Vicky Pryce, who is a board member of CEBR, on City A.M.’s shadow MPC and author of Greekonomics (Biteback Publishing), says Yes.
When Mario Draghi revised his forecast for the Eurozone economy down from 1.7 per cent to just 1.4 per cent, he made it clear that risks remained on the downside – reflecting world economic and geopolitical uncertainties.
The QE programme, which increased the monthly bond purchases by €20bn to €80bn to March 2017, could last longer to get inflation close to the 2 per cent target. And he has extended it to purchases of eligible corporate bonds to improve the transmission mechanism into the real economy.
Of course, Draghi could further expand QE in size and duration, but this isn’t all he can do. He has already cut the main refinancing rate to zero and the deposit rate to -0.4 per cent. These are “conventional measures”, and he can cut again if necessary. He has introduced a new bank lending facility at low, even negative interest rates, to encourage banks to lend more. This could be further enhanced. Some extra fiscal stimulus would be helpful, but the European Central Bank’s cupboard is by no means empty yet.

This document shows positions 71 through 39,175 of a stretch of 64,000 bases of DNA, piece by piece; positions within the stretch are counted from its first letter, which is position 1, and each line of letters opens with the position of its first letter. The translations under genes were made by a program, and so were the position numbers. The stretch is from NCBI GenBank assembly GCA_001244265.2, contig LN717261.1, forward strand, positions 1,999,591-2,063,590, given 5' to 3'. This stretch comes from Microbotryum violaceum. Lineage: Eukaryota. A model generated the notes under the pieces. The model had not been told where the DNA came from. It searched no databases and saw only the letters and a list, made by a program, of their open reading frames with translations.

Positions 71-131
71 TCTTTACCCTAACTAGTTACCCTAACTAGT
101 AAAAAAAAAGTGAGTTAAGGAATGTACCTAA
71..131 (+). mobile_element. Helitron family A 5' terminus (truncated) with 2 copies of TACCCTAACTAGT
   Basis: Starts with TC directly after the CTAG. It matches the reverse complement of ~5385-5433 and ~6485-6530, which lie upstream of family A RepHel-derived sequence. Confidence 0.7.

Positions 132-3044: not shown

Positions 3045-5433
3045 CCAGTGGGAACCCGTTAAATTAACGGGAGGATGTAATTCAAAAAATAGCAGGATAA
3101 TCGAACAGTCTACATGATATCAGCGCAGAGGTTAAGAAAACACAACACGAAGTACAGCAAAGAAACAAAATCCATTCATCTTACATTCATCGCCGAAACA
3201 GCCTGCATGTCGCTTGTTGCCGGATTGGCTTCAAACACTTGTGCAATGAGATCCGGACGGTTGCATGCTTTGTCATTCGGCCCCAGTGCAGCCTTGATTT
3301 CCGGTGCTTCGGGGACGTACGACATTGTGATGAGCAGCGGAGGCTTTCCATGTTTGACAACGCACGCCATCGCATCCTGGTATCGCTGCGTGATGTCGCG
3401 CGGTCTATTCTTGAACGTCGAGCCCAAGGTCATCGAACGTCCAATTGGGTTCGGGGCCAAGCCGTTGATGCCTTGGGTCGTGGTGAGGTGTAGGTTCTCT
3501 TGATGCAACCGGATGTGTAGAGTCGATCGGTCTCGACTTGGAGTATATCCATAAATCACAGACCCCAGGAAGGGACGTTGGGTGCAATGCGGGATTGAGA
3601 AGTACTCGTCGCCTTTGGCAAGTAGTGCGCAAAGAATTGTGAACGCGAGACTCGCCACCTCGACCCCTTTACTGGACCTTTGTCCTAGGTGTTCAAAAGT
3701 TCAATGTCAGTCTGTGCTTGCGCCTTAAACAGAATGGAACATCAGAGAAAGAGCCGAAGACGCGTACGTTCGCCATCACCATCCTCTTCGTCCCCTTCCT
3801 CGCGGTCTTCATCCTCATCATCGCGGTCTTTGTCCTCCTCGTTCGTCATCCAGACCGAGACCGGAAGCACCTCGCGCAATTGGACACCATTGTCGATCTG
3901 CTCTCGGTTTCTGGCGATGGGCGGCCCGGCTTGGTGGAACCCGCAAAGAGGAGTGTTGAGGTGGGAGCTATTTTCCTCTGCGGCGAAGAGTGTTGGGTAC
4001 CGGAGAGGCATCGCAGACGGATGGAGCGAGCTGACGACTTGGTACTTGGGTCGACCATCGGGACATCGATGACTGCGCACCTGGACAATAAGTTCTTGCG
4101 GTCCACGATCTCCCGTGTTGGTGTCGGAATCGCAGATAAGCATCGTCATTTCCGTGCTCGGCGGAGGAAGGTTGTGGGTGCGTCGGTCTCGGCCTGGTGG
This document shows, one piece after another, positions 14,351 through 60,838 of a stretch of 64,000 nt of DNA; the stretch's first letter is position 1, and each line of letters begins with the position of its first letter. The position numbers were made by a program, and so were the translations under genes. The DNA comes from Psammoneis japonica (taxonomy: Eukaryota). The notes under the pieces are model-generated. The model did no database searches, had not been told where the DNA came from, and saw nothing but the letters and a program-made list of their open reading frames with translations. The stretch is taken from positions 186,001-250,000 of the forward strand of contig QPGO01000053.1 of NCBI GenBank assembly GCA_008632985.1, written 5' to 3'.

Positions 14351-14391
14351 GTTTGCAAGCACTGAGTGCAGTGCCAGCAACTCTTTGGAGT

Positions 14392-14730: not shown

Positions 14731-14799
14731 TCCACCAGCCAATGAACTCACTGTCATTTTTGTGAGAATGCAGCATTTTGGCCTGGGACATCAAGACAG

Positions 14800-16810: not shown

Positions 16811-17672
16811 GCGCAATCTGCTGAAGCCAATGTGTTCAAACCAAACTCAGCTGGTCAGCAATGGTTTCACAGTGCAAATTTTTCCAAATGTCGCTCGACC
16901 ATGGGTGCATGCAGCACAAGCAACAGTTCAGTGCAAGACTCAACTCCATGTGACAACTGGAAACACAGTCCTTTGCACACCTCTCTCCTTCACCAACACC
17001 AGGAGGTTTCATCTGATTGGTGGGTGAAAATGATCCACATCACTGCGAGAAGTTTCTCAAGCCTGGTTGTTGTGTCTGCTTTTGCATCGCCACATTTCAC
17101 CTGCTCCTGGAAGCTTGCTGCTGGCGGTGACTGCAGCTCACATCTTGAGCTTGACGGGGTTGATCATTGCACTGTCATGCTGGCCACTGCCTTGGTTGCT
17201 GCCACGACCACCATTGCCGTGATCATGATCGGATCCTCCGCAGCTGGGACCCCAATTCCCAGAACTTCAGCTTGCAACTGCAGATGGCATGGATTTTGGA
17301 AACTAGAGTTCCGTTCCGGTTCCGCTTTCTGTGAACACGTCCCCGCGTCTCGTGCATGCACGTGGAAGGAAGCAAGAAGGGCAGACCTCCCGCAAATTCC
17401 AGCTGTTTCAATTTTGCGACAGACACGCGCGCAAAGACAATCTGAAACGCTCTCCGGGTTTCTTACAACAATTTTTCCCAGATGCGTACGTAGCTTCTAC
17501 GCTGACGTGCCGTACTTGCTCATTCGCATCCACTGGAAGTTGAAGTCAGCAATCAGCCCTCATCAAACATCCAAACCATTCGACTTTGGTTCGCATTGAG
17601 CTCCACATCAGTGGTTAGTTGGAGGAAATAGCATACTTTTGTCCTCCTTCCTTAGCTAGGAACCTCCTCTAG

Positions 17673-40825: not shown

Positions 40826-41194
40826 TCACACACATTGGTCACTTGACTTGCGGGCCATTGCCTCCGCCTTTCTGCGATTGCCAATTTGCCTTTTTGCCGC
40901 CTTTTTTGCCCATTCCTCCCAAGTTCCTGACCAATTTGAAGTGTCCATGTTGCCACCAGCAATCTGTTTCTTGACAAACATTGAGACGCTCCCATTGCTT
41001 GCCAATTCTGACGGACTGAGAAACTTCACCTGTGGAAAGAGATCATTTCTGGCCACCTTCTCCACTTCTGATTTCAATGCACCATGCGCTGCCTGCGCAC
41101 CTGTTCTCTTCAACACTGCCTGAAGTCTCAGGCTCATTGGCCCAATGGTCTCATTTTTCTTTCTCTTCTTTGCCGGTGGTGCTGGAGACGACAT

Tim Price, manager of the VT Price Value Portfolio, says No.
The primary objective of the European Central Bank (ECB) is to maintain price stability in the Eurozone. This objective alone may be beyond the ability of any central bank in today’s globalised financial world. But the ECB should remember that it has no mandate to deliver “growth”. Leaving aside the question as to whether any bureaucratic entity is up to that task, it is a policy objective for politicians, and not one for unelected central bankers.
If Europe’s politicians have chosen to abdicate their own economic responsibilities, that is no excuse for the ECB to overstep its authority. Mario Draghi’s increasingly desperate monetary experimentation amounts to mission creep of the most dangerous form. There was a time when central banks were charged with protecting us against inflation, not trying to boost it. Deflation is an existential threat to Europe’s heavily indebted governments. If its arrival forces the over-mighty European state to retrench, we should all be grateful for it.